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Satisfying Your Curiosity About 3D Printing

Satisfying Your Curiosity About 3D Printing

In recent years, there has been a dramatic growth in the use of 3D printing. It is forecast to become a $15.8 billion industry by 2020 (source: Wohlers Report 2019). This type of printing has changed the way individuals produce objects such as tools, toys, decorations, clothing, and even (although best left to medical professionals) 3D body parts. But what exactly is 3D printing?

Considered part of additive manufacturing, 3D printing is a process where something is created by adding layers. This allows people to make complex parts for cars, machines, and even airplanes more affordably. Prototypes are 3D printed in a fraction of the time and cost compared to standard methods such as molding, sculpting, and forging, which can dramatically reduce time-to-market.

Recent advances have resulted in smaller 3D printers which can be used in businesses and homes. To learn more about 3D printing and its implications, keep on reading.

History of 3D Printing

Although you might think 3D printing is a new technology, it has been around for quite a while. The journey of 3D printing began when Hideo Kodama published a paper in 1981 describing a rapid-prototyping system which made use of photopolymers, an acrylic-based material. When a UV laser beam hits a liquid photopolymer, it turns into a solid.

Three years later, Charles Hull invented stereolithography. This machine lets designers make digital models and transform them to print something tangible. The secret of stereolithography lies in its use of the previously studied photopolymers to create a seemingly endless array of printed products.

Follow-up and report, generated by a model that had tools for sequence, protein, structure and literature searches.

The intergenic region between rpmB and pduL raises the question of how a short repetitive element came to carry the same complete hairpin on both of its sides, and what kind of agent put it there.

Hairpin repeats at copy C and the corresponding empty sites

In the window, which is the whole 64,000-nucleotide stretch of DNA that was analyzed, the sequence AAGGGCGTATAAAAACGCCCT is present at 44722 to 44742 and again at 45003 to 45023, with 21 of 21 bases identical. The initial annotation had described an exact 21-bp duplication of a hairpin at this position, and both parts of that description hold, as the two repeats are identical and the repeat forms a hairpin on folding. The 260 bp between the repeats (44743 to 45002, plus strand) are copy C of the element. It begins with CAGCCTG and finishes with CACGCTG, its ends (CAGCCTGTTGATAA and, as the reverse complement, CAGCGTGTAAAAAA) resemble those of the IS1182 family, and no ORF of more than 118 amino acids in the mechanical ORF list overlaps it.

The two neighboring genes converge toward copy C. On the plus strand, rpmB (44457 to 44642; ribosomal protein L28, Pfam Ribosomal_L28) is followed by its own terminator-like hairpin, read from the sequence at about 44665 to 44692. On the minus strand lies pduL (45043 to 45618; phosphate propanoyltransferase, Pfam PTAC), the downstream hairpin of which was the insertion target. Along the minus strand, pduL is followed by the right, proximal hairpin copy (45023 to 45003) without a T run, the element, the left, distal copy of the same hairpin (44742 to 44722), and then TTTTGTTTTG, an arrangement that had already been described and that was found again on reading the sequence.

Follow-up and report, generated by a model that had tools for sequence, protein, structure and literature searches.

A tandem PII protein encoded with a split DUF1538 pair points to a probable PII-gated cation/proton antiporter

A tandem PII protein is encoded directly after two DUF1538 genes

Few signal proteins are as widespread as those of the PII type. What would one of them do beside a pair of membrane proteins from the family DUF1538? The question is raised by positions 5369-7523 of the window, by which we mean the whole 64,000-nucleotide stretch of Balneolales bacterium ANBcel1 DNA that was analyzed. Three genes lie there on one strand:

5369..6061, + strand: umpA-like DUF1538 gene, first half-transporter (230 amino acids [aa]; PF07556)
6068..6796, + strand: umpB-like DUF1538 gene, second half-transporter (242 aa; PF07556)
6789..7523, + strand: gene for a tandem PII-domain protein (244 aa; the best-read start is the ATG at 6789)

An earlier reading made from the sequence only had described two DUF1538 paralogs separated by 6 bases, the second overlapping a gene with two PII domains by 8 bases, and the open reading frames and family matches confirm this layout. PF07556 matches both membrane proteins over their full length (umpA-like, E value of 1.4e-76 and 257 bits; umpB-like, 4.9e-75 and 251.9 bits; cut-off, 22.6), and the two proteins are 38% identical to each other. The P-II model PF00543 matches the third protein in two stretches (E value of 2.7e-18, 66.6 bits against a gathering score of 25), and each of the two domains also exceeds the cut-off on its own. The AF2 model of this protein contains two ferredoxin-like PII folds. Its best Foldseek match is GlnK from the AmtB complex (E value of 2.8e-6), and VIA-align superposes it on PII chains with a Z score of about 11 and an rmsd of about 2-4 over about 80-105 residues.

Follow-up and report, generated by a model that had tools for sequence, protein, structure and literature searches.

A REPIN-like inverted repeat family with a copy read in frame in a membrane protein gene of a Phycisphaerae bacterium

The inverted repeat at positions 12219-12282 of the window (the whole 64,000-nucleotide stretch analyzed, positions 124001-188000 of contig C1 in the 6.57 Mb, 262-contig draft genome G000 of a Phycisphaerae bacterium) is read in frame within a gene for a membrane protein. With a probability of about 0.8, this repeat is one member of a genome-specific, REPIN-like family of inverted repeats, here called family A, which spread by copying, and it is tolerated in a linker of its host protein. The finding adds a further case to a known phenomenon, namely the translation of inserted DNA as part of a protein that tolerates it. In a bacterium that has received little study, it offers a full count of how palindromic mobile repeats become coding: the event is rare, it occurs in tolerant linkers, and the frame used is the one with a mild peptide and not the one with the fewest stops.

This technology became a huge draw for inventors because it gave them the luxury to test designs without spending too much on production. In 1992, Charles Hull's company created the first-ever stereolithographic apparatus machine (SLA). Shortly after, another company produced the Selective Laser Sintering Machine (SLS) which sprouts laser in powder, instead of traditional liquids. It was time for big business to start to pay attention and work with top-rated graduate programs to deliver on the promise of 3D print technology.

This type of printing evolved in the late 1990s, blossoming in the medical field. It was during this time when the first 3D-printed organ, a synthetic bladder, was implanted into a human. Before it was implanted into the patient, the 3D-printed bladder was first coated with the cells of human patients. Other breakthroughs in the medical field using 3D printing also includes prosthetic limbs, stabilizing and immobilizing injured limbs, improved blood vessels, and miniature kidneys. 

How Does It Work

To make something using 3D printing, designers need to prepare a blueprint of the object they want to create. This can be done using modeling software.

Some printers have a bioplastic spool which functions as a string. After the printer receives the design, it pulls the spool through a tube. The string is then melted and deposited to a plate where it becomes instantly cooled. To create the object, the printer will add a layer at a time until the complete structure is formed.

Upsides of 3D Printing

Without a doubt, 3D printing has helped revolutionize many fields today. 3D printing is a great equalizer. It's accessible to almost everyone, not restricted to some revered elite. Here's a look at some of its prominent advantages:

1. 3D Can Be Affordable